Indian Canyon, California
Infrared is invisible to the human eye. It is just below our visual spectrum. This light range can be captured by special film, filters, or cameras that are converted to be sensitive to infrared. I had LifePixel convert older Canon camera to capture this realm of vision. These are my first captures.
Sierra Nevada Foothills
Joshua Tree National Park
Franklin County Conservatory, Columbus, Ohio
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- Franklin County Conservatory, Columbus, Ohio
The 2017 Columbus Skyline Poster Calendar has arrived. Calendars are available for purchase at Haus Frau Haven, 769 South Third St. in German Village. Part of the proceeds go to the German Village Society. Calendars are selling for $9.00.
Eau De Vie © Larry Hamill
Here’s our sneak preview of the upcoming 2010 ART of Seeing book, due out in April. Published by Alcove Books, this annual photography collection is dedicated to editorial, fine art, landscape, nature, travel, and artistic commercial photography.
Their publications have been described as “stunning” by the San Francisco Chronicle. ART of Seeing offers professional photographers a means of reaching an audience of 6,000 creative buyers, photo galleries, stock houses, and collectors.
Glenn Steiner, an award-winning photographer and lifetime member of the American Society of Media Photography, juried this year’s book. Glenn teaches digital photography and Photoshop techniques at the Mendocino Art Center in California.
Strolling © Larry Hamill
The above images, Eau de Vie & Strolling, are from the upcoming publication. The following images were part of the ART of Seeing collections from 2007-2009.
Red Chair © Larry Hamill
Hovering © Larry Hamill
For more info or to obtain a copy please contact Tom Palmer at Alcove Books. ART of Seeing can also be downloaded as a pdf file from Alcove Books website.
Eye Mosaic © Larry Hamill
Kojo © Larry Hamill
Larry was recently asked to be a guest curator for Ragazine.cc, the on-line magazine of art, information and entertainment.
Originating in the mid-1970s in Columbus, Ohio, Ragazine was the title of an alternative newspaper published by a small group of friends. In 2004, it was revived on the web as Ragazine.cc by Mike Foldes, founder and managing editor, and continues to be a collaboration of artists, writers, poets and photographers.
Guest curators are asked to gather work from fellow artists and photographers that they believe merit a larger audience. Larry selected Columbus photographers Kojo Kamau and Chas Ray Krider as featured artists for the November-December 2009 issue.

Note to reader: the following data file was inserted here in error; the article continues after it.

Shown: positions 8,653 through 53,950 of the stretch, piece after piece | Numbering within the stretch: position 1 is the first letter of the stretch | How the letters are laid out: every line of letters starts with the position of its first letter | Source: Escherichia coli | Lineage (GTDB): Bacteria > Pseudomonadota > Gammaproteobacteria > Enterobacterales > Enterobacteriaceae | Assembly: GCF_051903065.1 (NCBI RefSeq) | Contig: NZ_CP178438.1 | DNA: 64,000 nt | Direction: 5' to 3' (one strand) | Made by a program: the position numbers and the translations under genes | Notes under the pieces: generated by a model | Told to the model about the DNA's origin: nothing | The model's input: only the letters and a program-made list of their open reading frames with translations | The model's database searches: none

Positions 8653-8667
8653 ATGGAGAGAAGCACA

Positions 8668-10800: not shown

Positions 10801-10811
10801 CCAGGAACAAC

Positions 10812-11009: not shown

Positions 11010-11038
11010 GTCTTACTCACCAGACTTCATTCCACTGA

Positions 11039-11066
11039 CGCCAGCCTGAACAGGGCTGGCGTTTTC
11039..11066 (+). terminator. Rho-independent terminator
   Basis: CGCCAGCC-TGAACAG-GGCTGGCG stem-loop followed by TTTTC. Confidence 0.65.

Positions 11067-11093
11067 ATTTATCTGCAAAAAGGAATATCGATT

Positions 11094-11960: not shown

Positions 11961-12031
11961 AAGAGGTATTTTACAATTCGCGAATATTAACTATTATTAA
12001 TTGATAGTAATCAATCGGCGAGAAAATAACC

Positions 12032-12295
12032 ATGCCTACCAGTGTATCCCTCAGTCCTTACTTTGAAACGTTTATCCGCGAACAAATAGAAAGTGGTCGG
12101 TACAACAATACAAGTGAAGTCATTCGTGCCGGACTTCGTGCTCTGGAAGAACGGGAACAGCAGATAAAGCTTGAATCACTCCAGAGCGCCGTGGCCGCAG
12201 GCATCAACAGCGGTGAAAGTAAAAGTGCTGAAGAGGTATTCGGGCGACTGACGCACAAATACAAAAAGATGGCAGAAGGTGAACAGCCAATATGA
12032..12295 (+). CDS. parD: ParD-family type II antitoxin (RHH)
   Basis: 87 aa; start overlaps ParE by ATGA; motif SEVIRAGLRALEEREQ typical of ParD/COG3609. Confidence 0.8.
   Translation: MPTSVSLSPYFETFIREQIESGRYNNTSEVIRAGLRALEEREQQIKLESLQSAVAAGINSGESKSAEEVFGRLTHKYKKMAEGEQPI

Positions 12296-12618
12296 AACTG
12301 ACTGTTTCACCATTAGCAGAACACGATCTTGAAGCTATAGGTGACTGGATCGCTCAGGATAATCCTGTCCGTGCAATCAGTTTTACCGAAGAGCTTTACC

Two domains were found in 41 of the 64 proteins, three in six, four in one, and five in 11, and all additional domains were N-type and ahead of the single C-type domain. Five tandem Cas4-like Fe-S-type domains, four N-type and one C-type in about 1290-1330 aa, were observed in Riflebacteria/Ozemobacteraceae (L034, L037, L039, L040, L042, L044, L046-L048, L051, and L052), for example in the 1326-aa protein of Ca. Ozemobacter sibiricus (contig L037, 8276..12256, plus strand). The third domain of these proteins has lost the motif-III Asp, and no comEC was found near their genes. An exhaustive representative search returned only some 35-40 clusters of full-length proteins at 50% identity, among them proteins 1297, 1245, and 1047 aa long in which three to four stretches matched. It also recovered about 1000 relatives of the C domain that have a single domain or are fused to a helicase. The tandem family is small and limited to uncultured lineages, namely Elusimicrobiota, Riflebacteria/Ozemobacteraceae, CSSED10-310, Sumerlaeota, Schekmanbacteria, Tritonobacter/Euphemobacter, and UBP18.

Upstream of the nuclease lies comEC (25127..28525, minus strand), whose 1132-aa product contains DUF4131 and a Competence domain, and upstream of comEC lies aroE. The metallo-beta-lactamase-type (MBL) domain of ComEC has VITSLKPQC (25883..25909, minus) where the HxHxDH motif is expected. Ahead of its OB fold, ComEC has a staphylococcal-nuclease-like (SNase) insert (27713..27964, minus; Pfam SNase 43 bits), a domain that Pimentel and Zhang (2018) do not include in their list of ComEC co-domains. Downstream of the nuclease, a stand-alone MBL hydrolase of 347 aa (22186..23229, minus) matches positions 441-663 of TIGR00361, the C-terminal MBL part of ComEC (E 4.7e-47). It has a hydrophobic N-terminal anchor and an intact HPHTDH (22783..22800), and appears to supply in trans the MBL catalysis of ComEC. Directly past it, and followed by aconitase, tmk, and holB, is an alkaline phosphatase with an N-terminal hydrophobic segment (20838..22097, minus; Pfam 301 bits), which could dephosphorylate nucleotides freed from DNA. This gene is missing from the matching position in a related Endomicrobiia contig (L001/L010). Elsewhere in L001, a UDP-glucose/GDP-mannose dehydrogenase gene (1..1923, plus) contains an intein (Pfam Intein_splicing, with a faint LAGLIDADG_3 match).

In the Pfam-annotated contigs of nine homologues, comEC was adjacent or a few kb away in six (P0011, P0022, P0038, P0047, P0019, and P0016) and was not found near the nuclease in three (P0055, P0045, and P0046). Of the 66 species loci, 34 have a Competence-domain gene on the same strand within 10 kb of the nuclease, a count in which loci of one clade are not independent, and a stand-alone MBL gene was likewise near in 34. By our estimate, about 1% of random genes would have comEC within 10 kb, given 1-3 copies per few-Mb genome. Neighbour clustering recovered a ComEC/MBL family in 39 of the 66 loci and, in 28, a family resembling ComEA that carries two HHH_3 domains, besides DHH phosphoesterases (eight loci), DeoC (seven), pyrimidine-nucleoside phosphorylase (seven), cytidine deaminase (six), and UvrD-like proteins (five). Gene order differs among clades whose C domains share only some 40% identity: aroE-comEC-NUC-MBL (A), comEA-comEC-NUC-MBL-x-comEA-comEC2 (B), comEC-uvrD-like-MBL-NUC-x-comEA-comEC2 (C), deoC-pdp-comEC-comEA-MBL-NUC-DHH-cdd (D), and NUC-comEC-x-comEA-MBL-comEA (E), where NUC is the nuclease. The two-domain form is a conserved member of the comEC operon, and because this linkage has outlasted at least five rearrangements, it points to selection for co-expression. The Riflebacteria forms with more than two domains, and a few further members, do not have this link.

Following a four-year stint as an Air Force photographer in the early 1960s, Kojo has spent a lifetime photographing Columbus, Ohio. His photos include well-known locals like Elijah Pierce, as well as nationally known figures Maya Angelou, Muhammed Ali and fellow photographer, Gordon Parks.
Gordon Parks © Kojo Kamau
Chas Ray also started out documenting life in Columbus and over the years moved to framing the darker side of life. Two of his erotica series are entitled Goodbye Kitty and Days of Noir.
Chas Ray © Larry Hamill
The images of Kamau and Krider, posed here with cameras of yesteryear, are part of Larry’s ongoing Colorful Camera Series. The first of these images can be seen in a previous post entitled Digital Technology Changes in a Flash.
Latina Dancers © Larry Hamill
We’d like to share with you, LIQUID MOTION, our first video production. Shot at 400 frames per seconds on a Casio point and shoot camera, the video juxtaposes water in motion with Latina Dancers, creating a mesmerizing slow motion effect.
Latina Dancers with Water © Larry Hamill
Water images were shot at the Marble Cliff public fountain in Columbus, Ohio. The effect of water moving through space, in lieu of falling towards the ground, was achieved by turning the camera sideways.
Sound track was provided courtesy of Kevin MacLeod. More about Kevin’s music can be found at www.kmacleodmusic.com.
Special thanks to John Heck for use of his camera and advice on music selection.
Kodachrome Basin State Park © Larry Hamill
Seventy-four years after Kodak began producing Kodachrome and thirty-six years after the release of Paul Simon’s lyrics about the nice bright colors giving us the greens of summers, Kodak shuttered it Kodachrome film production last month.
With all the advances in digital photography, it was just a matter of time before mama Kodak took our Kodachrome away.
According to Crave – The Gadget Blog, Kodak is donating its last rolls of Kodachrome to the George Eastman House International Museum of Photography and Film in Rochester, N.Y.
Dara Kerr’s post entitled, Kodak winds last rolls of Kodachrome, notes that one of these last rolls will be shot by Steve McCurry.
McCurry is perhaps best known for his photo of an Afghan refugee girl with bright green eyes, which graced the cover of National Geographic in 1985. Of course, the shot was taken with Kodachrome film.
More on McCurry’s career with National Geographic can be seen on YouTube.